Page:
Monday, June 25, 2012

Beyond the Ferry

In 1989, my uncle Mathai Zachariah  (father's sister's husband) asked me to write a book let on Human Rights for his new institution which he had founded in Nagpur, called Peace Ashram. I agreed, and it was published by them several years later. While he was waiting for the typescript to appear, he would routinely ask me for it, and I would say, "it's coming, just coming." Finally, he got quite irritable, like any publisher waiting for promised manuscript, and he said "This is like Vietnamese mothers answering their childrens' queries, Where is Papa?" I did not catch the joke, I'm really slow sometimes, so he said, "The children had American fathers who went back to America." I feel that way now about Nelycynda. Where is Nelycynda and Other Stories? My publishers at Roli keep saying 'Its coming, it's coming" and I don't have the heart to repeat Mathai's joke to them. Here is a chapter from embryonic new novel,  of which I now have seven chapters, also a work which Roli says they are interested in, which is called Beyond the Ferry, after a poem I read on the web. The web is a great space, its quintessentially abstract, and a quill for every one. After the Tsunami the fisherpeople were given computers, and the children made great use of it immediately in tarpaulin sheds, or so activists report. The novel was begun on January 26th 2012, and I expect it to be finished end of this year.



“You know the terror that for poets lurks
    Beyond the ferry when to Minos brought.”
W.H Auden From Letter to Lord Byron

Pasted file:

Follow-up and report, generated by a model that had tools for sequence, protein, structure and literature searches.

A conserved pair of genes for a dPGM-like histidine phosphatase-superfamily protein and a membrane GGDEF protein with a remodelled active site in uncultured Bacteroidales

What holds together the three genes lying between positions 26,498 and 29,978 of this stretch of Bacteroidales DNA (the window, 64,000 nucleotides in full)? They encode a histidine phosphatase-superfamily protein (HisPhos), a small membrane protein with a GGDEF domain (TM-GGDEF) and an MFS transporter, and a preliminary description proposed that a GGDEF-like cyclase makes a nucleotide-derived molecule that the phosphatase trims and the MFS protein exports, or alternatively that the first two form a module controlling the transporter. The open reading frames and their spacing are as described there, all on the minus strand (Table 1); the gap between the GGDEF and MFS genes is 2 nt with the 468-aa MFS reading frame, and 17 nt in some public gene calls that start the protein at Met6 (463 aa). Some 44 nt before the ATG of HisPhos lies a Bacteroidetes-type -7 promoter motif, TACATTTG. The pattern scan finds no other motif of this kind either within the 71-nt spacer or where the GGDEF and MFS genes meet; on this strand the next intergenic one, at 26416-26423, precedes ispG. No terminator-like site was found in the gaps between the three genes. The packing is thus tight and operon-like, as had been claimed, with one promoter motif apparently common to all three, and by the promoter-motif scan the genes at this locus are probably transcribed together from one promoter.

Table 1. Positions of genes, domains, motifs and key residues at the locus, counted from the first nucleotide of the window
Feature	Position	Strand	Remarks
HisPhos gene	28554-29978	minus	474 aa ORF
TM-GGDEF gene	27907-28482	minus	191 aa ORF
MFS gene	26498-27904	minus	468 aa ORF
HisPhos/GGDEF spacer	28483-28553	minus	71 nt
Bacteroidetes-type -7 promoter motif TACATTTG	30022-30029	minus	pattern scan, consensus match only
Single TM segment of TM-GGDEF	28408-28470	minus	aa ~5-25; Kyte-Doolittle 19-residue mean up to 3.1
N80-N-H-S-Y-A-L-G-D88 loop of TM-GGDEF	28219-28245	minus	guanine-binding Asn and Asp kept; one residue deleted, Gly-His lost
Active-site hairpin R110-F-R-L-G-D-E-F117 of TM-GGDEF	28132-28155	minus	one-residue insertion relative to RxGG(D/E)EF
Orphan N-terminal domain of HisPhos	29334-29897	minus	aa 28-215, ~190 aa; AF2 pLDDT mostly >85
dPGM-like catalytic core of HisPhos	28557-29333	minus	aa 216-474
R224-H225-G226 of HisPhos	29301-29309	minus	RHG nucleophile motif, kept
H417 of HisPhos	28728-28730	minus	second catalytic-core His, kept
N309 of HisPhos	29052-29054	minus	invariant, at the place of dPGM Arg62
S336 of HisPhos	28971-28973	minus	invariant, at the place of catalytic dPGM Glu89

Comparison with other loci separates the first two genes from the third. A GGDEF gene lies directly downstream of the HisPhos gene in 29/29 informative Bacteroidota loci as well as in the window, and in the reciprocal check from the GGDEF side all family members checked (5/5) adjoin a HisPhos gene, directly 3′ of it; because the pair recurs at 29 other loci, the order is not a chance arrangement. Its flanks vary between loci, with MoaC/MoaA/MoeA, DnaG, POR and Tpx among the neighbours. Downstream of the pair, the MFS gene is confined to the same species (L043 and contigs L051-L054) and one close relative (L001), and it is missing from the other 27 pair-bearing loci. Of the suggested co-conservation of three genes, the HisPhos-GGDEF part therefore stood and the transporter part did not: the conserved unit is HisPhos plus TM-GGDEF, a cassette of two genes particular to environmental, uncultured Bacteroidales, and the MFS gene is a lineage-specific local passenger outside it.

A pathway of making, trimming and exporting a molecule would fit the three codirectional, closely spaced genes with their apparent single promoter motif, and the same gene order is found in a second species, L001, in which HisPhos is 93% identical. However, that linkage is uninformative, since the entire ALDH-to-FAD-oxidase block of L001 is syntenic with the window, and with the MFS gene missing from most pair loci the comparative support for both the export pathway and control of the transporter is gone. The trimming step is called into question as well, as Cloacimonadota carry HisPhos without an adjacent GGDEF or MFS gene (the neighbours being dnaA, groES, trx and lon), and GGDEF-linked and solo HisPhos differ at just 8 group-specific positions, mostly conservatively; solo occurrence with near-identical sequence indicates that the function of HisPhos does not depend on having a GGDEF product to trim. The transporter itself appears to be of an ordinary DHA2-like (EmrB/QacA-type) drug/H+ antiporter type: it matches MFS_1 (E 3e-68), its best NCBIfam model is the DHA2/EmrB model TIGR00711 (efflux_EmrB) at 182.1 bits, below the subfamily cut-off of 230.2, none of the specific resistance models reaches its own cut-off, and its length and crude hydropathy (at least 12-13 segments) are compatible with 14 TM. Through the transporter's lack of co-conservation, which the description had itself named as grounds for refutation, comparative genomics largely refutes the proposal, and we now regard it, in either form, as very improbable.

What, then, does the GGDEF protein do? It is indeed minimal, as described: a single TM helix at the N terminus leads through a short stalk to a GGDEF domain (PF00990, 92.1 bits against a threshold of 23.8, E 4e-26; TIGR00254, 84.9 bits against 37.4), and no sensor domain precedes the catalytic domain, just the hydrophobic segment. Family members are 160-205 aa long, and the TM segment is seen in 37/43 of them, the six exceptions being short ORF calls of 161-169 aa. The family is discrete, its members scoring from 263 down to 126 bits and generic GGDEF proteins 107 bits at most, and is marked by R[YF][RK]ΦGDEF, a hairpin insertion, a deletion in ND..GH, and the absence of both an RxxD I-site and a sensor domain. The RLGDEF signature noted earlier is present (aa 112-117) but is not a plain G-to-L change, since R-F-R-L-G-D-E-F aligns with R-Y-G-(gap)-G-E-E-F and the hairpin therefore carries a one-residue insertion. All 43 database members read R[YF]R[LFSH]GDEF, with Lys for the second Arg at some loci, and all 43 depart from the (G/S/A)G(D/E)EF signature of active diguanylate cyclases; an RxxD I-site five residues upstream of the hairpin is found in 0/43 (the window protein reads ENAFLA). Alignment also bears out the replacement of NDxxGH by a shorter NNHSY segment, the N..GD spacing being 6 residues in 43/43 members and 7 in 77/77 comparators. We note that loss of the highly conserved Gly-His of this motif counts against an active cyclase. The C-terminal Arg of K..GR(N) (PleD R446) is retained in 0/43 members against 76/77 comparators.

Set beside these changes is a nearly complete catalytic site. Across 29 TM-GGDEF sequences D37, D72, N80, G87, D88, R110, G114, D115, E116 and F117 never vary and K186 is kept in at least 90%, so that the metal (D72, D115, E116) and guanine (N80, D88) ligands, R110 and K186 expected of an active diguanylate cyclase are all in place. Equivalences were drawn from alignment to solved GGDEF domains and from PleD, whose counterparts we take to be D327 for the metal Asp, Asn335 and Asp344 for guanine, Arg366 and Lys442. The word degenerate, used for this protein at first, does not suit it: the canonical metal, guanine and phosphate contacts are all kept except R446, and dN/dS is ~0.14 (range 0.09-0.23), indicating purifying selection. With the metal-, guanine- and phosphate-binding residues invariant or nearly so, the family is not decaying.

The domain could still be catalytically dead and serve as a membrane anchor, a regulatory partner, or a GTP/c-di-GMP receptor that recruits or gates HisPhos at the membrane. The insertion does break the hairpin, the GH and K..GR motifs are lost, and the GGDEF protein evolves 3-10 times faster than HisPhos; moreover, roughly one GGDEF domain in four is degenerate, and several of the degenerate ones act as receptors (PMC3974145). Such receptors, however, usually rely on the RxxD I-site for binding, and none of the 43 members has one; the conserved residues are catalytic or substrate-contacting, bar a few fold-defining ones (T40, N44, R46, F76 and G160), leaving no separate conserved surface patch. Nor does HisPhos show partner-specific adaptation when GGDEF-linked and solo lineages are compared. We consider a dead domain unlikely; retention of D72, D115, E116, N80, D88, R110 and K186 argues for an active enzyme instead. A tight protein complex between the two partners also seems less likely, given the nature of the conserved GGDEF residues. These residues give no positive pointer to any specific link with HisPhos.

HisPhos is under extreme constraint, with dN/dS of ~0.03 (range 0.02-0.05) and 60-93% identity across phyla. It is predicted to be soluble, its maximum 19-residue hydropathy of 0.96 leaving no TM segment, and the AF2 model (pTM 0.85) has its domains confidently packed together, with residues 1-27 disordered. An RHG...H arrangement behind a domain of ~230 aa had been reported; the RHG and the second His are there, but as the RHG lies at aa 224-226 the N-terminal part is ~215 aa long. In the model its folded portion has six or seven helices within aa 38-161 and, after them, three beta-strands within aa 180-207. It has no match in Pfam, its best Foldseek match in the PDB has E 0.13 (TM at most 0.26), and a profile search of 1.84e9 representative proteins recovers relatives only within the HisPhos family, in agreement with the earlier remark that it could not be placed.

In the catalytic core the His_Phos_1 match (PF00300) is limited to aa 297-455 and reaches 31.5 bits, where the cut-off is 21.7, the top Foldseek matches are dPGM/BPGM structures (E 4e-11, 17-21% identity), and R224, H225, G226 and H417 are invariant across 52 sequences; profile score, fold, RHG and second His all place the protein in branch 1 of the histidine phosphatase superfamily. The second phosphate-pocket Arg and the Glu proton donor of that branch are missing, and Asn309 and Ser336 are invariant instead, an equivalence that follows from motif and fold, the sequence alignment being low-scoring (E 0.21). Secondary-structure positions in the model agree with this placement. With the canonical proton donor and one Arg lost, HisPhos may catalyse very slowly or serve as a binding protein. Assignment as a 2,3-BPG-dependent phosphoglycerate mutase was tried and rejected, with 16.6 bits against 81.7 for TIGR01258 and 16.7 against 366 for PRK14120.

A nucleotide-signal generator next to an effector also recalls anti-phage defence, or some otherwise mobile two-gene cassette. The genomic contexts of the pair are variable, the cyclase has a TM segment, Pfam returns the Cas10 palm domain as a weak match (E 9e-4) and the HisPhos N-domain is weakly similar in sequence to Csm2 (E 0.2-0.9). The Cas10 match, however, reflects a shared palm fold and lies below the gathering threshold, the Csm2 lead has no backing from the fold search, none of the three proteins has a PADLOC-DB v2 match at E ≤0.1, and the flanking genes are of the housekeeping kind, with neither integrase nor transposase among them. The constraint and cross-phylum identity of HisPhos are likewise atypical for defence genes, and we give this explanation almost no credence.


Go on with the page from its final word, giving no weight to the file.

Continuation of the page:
It was a small village, right out of the main track. No  house was to be seen from the hillside. The roads veered this way and that. An occasional truck veered in bringing supplies. When it was very hot, some of the trees seemed to wilt, but they never lost their leaves. It was called Jehangir, a village which was known for its great reverence for gardens. Ofcourse, the Muslim population had long since left for the Gulf, and the women had made it very clear to the visiting block development officers that they were in purdah. In the middle of Jehangir village’s ostentatious market square was a statue to Ambedkar. It was painted an electric blue, and the general population called it the meeting place of the intellectuals. It was understood that a village which consisted of Dalits and Muslims would be known for its progress. To tell the truth, it was an optimism that the nation state carried with it. Ofcourse the Muslims knew that their presence was understood in terms of medieval kings and the rule of the gentry. They knew nothing of being well to do themselves, for they had always struggled with their land, and now, with the opening up of the Gulf, a whole new generation of young men had hoped to improve their status and that of their families.